In the waning hours of his presidency Monday, outgoing Roxbury Community College president Terrence Gomes signed a sweeping resignation agreement that prohibits him, the college’s board, and their successors from speaking negatively about “each other, their officers, agents, or attorneys, in any manner whatsoever.’’
The agreement also includes a clause stating that its terms are to be kept confidential to almost all parties except “as may be required by law.’’
Under the Roxbury Community College deal, obtained Tuesday by the Globe through a public records request, Gomes will receive $98,374.25 by the end of July, as well as payment for unused vacation days and sick leave. He has been a state employee for four decades, so the latter payment is expected to be substantial.
Confidentiality and nondisparagement clauses are common in the private sector but can be controversial when used by state agencies, because they can be perceived as hush agreements, especially when employees receive large sums in return.
The Gomes agreement, though legal, may not sit well with faculty members who have demanded more transparency from their leaders in recent weeks. Several professors and administrators, be they supportive or critical of Gomes, have questioned the board’s decision to instruct him not to respond publicly to recent allegations, ranging from financial and academic mismanagement to failing to report campus crimes, against his administration.
Some state officials have refused to sign confidentiality and nondisparagement agreements. Daniel Grabauskas, former MBTA general manager, said in May 2011 that the Massachusetts Bay Transportation Authority tried to keep his $327,487 severance secret when he agreed to resign two years ago; he would not go along with its terms.
The state attorney general’s office has advised public bodies against using the clauses, regularly sending agencies a legal advisory that says “confidentiality as such is prohibited, unless required by law.’’ It also cautions agencies against barring workers from talking to reporters.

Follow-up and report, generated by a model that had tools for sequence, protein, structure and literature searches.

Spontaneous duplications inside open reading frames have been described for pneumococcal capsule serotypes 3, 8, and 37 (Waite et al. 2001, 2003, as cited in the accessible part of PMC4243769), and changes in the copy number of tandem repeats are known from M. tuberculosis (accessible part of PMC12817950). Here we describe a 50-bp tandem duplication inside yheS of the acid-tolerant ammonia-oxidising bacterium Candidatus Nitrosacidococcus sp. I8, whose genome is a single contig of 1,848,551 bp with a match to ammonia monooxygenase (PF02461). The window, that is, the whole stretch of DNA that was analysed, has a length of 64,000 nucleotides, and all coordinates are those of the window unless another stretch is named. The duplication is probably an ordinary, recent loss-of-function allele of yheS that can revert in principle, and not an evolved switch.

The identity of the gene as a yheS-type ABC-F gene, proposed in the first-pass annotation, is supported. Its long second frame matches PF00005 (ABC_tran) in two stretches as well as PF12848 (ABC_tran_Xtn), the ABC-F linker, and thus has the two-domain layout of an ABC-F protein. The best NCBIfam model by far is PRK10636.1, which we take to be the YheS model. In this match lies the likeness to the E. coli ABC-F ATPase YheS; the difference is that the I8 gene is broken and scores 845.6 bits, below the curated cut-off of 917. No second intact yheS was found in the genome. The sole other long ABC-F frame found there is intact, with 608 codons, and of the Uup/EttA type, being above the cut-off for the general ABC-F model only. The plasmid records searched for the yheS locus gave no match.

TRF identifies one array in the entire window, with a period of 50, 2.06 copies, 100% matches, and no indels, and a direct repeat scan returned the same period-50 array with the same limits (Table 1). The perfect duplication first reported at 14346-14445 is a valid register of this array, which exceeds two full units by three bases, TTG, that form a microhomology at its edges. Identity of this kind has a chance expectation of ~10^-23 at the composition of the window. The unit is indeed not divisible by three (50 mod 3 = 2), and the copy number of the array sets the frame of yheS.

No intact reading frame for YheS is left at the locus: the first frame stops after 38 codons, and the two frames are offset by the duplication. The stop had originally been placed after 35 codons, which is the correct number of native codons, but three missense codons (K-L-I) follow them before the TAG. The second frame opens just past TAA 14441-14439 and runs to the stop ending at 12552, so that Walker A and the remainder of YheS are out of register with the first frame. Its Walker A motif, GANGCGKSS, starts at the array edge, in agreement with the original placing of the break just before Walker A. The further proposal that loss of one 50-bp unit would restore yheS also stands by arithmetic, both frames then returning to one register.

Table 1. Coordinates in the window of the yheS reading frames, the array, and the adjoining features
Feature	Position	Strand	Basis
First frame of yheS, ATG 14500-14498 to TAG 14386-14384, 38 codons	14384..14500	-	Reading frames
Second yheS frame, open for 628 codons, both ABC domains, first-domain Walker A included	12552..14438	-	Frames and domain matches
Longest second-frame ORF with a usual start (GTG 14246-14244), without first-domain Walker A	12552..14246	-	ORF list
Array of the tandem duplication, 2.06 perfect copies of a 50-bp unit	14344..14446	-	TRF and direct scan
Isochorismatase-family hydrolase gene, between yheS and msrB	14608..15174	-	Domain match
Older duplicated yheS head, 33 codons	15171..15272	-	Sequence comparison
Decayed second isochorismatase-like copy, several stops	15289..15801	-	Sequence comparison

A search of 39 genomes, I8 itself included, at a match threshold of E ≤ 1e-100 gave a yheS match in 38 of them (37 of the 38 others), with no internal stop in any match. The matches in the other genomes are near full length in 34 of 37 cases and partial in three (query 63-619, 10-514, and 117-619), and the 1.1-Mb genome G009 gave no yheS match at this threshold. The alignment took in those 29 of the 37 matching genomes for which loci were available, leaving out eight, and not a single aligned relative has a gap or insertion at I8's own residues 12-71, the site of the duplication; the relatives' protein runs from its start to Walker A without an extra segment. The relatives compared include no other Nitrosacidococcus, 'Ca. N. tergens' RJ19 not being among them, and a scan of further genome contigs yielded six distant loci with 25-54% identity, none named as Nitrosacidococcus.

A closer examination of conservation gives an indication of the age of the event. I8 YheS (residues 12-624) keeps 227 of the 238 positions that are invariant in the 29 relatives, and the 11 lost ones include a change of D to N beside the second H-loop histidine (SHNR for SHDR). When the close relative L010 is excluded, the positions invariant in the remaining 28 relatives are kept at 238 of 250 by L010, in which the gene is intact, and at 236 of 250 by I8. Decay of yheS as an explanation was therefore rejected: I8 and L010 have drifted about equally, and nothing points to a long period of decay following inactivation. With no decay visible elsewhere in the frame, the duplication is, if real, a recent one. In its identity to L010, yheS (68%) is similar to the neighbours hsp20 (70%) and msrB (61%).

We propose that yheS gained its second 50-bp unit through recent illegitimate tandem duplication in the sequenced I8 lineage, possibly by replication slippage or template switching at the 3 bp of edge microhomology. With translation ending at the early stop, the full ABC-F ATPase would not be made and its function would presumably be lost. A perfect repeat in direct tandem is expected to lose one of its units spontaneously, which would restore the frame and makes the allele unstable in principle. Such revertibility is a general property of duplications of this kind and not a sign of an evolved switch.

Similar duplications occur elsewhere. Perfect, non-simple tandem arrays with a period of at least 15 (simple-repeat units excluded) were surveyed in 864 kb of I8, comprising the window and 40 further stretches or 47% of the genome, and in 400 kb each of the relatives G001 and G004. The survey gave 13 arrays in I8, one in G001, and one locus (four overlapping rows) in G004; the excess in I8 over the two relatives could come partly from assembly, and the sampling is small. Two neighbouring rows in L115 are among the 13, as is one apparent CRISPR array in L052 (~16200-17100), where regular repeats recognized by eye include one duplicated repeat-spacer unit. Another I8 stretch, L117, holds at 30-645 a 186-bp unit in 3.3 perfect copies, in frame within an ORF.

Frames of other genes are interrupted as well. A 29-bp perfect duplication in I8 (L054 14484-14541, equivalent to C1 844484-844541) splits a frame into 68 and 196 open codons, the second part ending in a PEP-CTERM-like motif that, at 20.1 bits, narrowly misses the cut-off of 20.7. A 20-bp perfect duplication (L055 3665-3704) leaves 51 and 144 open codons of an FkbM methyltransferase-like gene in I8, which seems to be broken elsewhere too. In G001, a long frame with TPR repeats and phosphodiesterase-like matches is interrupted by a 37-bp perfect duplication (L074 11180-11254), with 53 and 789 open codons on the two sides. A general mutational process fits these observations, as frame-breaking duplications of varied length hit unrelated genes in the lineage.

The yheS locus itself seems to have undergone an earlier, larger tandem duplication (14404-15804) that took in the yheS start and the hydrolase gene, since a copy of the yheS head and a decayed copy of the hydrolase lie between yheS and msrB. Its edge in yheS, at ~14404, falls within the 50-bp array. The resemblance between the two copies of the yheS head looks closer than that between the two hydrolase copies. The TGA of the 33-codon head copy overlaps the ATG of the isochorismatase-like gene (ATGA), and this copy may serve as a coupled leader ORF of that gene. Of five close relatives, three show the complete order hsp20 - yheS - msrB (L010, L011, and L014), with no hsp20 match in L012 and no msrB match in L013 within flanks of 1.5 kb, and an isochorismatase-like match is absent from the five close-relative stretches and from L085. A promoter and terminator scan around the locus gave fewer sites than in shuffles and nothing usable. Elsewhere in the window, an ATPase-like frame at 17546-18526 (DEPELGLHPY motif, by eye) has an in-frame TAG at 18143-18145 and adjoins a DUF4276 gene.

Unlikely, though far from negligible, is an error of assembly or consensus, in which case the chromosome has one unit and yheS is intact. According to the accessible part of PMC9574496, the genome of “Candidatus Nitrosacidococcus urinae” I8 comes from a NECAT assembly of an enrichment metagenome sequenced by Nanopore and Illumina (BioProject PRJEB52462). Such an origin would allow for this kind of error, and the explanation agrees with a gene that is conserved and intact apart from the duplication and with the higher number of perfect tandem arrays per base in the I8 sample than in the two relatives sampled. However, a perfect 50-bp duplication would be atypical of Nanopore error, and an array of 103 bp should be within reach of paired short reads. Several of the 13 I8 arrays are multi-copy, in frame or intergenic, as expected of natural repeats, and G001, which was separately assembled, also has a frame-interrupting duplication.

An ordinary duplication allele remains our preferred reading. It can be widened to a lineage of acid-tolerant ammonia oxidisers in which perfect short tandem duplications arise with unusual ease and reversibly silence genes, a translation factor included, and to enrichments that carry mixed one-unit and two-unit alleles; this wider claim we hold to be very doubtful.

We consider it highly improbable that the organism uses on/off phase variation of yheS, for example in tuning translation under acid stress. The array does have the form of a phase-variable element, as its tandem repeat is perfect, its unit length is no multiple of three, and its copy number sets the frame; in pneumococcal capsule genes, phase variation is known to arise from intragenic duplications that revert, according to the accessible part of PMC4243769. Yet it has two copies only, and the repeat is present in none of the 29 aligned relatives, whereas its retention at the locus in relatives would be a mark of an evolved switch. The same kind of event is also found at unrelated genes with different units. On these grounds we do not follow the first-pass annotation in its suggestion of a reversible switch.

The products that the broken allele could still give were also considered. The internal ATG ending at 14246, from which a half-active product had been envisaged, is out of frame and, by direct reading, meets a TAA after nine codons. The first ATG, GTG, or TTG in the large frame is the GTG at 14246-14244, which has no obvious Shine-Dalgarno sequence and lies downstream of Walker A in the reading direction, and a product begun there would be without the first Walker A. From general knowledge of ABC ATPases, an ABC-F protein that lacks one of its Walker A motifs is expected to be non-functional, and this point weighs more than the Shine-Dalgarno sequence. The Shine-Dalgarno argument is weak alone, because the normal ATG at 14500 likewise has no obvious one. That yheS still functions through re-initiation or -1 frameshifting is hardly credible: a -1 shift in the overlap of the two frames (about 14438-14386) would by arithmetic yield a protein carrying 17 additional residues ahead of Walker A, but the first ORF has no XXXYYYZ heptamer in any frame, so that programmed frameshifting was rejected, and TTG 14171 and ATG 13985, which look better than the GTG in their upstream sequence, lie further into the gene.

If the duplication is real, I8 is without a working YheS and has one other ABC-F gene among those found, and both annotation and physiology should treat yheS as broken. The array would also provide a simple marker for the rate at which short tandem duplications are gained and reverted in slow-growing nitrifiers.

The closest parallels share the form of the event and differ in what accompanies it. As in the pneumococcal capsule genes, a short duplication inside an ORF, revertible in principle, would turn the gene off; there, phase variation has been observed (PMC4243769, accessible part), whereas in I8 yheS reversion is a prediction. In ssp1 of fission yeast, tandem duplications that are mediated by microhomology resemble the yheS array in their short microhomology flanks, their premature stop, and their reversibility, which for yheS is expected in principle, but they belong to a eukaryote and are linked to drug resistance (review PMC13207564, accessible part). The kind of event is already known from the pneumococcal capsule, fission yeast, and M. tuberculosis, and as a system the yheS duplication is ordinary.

Yet the practice is common. A Globe review last year of more than 150 large severance and settlement agreements signed by state agencies since 2005 found more than half had a confidentiality or nondisparagement clause. One in five agreements contained both clauses, as Gomes’s does.
Kenneth Tashjy, who serves as general counsel for all Massachusetts community colleges and represented the Roxbury Community College board in its negotiations with Gomes, said the language of the clauses did not strike him as unusual.
“We use that as boilerplate to make sure that people think before they speak,’’ said Tashjy, who has facilitated several similar negotiations in the past few years. “At the end of the day, none of it’s enforceable.’’
But John Gatti Jr., a former state employee union official and an architect of the Massachusetts public employee whistleblower law, said the clauses concerned him.
“It’s taxpayer money, tuition money at stake,’’ he said. “This has to end.’’
Confidentiality clauses are not especially unusual in higher education. The University of Massachusetts has used them to settle with laid-off administrators.
But Frank LoMonte, executive director of the Student Press Law Center in Atlanta, said it was strange for a no-disparagement clause to appear in a college administrator’s departure agreement, especially regarding future comments about the board of trustees, rather than the institution as a whole.
“In the commercial context, in a business relationship, it’s not terribly uncommon to have a no-disparagement clause about the company; in return for getting a nice severance package you essentially take a vow of silence,’’ he said.
“It’s debatable whether a no-disparagement clause about an institution [of higher education] is appropriate or standard. But it’s very much not standard to have a clause about the board.’’
The clause could put Gomes or board members in awkward positions if they find themselves questioned over the recent allegations against Gomes’s administration; they have roots in a pending US Department of Education audit.
“There are times when it’s necessary to make disparaging comments about people, such as whistle-blowing,’’ said LoMonte. “If the president learns that board members are engaging in some dealings to the detriment of the institution, there’s an obligation to speak out. I don’t think you could contract away that obligation.’’